Dear Family, Friends, and Diary,
Another keep-track-of-life, occasional, diary. A pattern seems to have emerged of irregular contributions to half-month pages. This is October's first half.
We started with a weekend visit to the family crew over in Monte Sereno. On Friday October 1st, we escaped the smoky skies of the Central Valley, in favor of the better air of the Bay Area. The drive was uneventful and the Rahimi house was as welcoming as usual. Marianne and Gabby had some clothes shopping to do and I chatted with Ava and Sam while they were out - one of my favorite duties.
Both the kids had parties to go to around dinner time, a movie with friends for Sam and a dozen-girl barbecue for Ava. Mamal, Gabby, Marianne, and I had our own evening out, a dinner at one of the dozens of restaurants in neighbor Los Gatos. The food was good enough, but the conversation seemed more complete than it often is when kids are present and work-night limits are in effect. Nice.
Saturday and Sunday were busier, but since I delayed so long writing, I've forgotten exactly with what! The Leica camera's film did record a visit to an open house by Marianne, Ava, and me. We had gone out for a ride for Ava in the zippy Tesla and stopped on a Highway 9 home development on a whim. The 36 new 3-, 4-, and 5-bedroom units were squeezed onto the grounds of an old motel, bar, and restaurant that we had frequented "BC" (before Covid). A landmark gone. That happens a lot in California.
The three of us toured one display unit and came away saying the 3,000 square-foot unit was indeed a nice place, although all windows but one looked out on neighbors just feet away. Ava liked the open downstairs floor plan, the puppy closet, and "her room" upstairs. We could buy one like it for just under $4 million or we could opt for the development's smallest offering for about $2.5 million. Nope, we can't. California near the coast is out of our league.
Back home at the Rahimi resort, we enjoyed family time just sitting around, before the parents left for their Saturday night out. That left Gigi and Opa babysitting, our favorite chore. Ava brought out some silly game about werewolves and we struggled with the rules, but laughed a lot.
On Sunday morning, we hung around until the kids were off to their activities. Sam and his dad had a golf game, for which he could wear his spiffy team golf shirt. Looking pretty professional.
Our final activity was hugs, always a favorite, but a bit melancholy since we did not yet have plans for a return. Thanksgiving for sure would see us back here, but that's a long time away and the kids will grow even more!
For our drive, we left the clear airs of the Bay Area, went up over Pacheco Pass, and descended into a valley filled with forest fire smoke and farmer dust. We checked the "Air Quality Index" and it was in the 200s and 300s - "very unhealthy". I'm not sure we needed a measurement to tell us that.
Reconstructing the rest of the week mostly involved reviewing Marianne's medical appointments. The cancer elephant-in-the-room was very visible. On Monday, she had her exit exam from the surgeon and received a passing grade. The area was healing fine and that's about all we learned. I guess young surgeons are pretty matter-of-fact about scars, swelling, pain, and general trauma, as long as their work is healing.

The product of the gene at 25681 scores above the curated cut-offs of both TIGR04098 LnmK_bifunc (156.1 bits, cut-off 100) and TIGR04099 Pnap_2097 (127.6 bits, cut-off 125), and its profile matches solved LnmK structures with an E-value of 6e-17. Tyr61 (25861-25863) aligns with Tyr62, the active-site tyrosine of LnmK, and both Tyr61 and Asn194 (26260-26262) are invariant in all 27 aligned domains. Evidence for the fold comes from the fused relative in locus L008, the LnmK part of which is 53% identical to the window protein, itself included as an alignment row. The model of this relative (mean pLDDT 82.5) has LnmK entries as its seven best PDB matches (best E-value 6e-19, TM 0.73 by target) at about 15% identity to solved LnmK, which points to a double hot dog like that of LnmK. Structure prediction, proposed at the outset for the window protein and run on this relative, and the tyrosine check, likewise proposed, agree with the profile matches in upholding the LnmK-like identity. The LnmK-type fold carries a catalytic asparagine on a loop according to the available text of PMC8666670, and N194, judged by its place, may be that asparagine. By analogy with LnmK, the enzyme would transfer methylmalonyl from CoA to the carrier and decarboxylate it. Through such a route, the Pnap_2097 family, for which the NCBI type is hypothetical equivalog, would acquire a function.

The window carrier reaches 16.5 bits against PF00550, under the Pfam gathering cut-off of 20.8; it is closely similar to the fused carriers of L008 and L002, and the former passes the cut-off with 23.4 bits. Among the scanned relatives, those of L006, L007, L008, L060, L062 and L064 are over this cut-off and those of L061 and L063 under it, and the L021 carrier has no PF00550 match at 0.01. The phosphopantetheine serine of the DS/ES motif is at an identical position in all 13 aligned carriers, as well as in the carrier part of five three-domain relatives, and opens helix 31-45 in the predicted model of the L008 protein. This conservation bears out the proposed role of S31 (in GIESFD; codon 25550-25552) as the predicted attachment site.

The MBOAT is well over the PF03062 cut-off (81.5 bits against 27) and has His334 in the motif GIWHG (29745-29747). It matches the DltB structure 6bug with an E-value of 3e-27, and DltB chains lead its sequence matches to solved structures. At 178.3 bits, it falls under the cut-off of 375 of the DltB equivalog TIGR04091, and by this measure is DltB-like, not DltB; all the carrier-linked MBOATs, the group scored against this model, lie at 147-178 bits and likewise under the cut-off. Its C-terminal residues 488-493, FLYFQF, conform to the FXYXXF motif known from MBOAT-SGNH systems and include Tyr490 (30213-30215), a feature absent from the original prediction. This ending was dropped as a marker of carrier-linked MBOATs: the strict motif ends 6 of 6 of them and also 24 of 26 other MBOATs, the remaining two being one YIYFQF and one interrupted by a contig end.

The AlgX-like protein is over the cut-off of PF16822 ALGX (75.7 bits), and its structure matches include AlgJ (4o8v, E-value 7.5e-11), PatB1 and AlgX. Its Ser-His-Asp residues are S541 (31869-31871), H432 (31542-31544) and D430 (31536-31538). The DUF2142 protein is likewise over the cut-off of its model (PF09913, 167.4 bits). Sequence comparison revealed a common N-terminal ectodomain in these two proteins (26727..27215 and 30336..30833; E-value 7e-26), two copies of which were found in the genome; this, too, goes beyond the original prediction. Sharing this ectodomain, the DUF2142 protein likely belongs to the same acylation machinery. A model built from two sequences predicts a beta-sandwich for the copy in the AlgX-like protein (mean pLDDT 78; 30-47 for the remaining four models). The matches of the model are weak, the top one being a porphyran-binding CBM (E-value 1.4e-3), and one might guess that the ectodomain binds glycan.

Tuesday's artery blockage CT scan, ordered by the eye doctor, provided one more passing grade, although it yielded no information about the eye flashes she sometimes gets. Wednesday's physical therapy for a shoulder went well too, but both shoulders remain under therapy for different causes, but therapy nonetheless.
The big medical discussion happened Thursday with Doctor Box. The oncologist offered good news and bad news. The good (?) news was that the recurrent cancer had been local, in the scarring area of the original removal surgery and this is common enough to occur in 15-20% of initial cancers of Marianne's type. Surgery removed the new cancer and there were no signs of spread.
Doing nothing was mentioned as a non-recommended option, one Marianne had considered, but did not choose. Chemotherapy was recommended to reduce by half the likelihood of cancer recurrence in a "distant location" (kidney, liver, or bone). This time, the chemical is called "Xeloda", taken in pill form, and continued for six or eight cycles of two weeks on and one week off. Side effects from this poison (that's how chemotherapy works) seem less severe than round one's infusions. We'll see.
Not having much time to ruminate, we headed downtown to Art Hop, our first since before Covid. The one goal was the pair of studios/galleries run by Robert Ogata and his daughter Pia and son-in-law Tim. (Bob's wife Zandy is also a friend.) It was nice to see old friends and Marianne enjoyed the chance to talk with another abstract artist, one with decades of experience.
We slept well Thursday night. Somehow, the cancer elephant, while not leaving the room, had been pushed away a bit, behind a reasonable plan for proceeding. We'll do the recommended treatment for the next months, mix in as much local travel and visiting as we can, and plan longer trips after that. And Covid should be in a better place by then as well.